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Old 22-09-2017, 20:54   #10
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Re: Are solar and wind enough for cruising?

You don't know what your budget will be until your out there, and even then it's sort of variable.
In short to some extent if you have it, you will likely use it and you can't spend what you don't have, so you will do without luxuries cause you have to if you come up short.
Maine Sail has measured on average I believe Solar power return of .224, meaning if you have 1,000 watts of panels that you will on average get 224 AH daily. That's an average if I understand correctly and of course you have cloudy and rainy days too, that kills average output. But it's a good realistic planning number.
Make sure you have a GOOD shorepower charger, cause I suspect you will use it with the generator more than you may think, remember to subtract house loads for charging too, don't think a 30 amp charger will charge at 30 amps, cause the house loads come off of that 30 first.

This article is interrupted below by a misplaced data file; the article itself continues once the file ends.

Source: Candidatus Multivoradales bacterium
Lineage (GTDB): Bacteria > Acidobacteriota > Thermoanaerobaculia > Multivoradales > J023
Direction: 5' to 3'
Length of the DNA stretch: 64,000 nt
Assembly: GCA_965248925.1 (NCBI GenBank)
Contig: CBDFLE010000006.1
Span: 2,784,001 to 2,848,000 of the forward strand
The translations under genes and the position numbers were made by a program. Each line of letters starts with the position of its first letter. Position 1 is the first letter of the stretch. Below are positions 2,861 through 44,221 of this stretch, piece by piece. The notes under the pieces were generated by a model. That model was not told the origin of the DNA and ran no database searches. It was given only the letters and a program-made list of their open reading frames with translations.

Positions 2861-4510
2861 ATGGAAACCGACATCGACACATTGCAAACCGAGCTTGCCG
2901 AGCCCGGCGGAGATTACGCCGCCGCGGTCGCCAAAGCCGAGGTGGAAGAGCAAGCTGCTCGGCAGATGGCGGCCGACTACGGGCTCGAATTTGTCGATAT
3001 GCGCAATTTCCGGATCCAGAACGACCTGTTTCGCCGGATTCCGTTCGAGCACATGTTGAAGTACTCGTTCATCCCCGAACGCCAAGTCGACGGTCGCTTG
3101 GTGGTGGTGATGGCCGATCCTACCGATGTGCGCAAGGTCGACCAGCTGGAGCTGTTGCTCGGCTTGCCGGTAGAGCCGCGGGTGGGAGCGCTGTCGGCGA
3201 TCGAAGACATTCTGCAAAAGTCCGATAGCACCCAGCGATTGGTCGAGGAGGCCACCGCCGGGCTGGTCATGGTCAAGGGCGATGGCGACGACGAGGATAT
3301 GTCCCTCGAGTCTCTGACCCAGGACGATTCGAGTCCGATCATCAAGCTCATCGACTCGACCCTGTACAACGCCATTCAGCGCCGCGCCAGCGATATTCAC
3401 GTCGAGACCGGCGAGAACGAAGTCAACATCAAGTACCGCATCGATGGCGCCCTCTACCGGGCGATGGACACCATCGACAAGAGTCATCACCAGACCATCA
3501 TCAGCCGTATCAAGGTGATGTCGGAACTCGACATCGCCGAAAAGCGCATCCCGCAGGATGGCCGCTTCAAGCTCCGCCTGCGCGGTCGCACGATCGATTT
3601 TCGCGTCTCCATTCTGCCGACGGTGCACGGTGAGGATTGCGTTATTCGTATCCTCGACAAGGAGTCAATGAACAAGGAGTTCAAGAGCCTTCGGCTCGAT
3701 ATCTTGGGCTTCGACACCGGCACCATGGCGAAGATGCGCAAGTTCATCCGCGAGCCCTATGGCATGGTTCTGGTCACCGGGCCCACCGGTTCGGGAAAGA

I don't think you can have too much Solar, just an opinion of mine.
There are ways to save mucho $$$ doing a Solar install, and I have seen huge amounts of money spent buying arches and having it all done as opposed to DIY.
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Old 22-09-2017, 21:19   #11
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Re: Are solar and wind enough for cruising?

In the above posts, I don't see any allowances made for inefficiencies in charging/discharging the battery's Peukert exponent.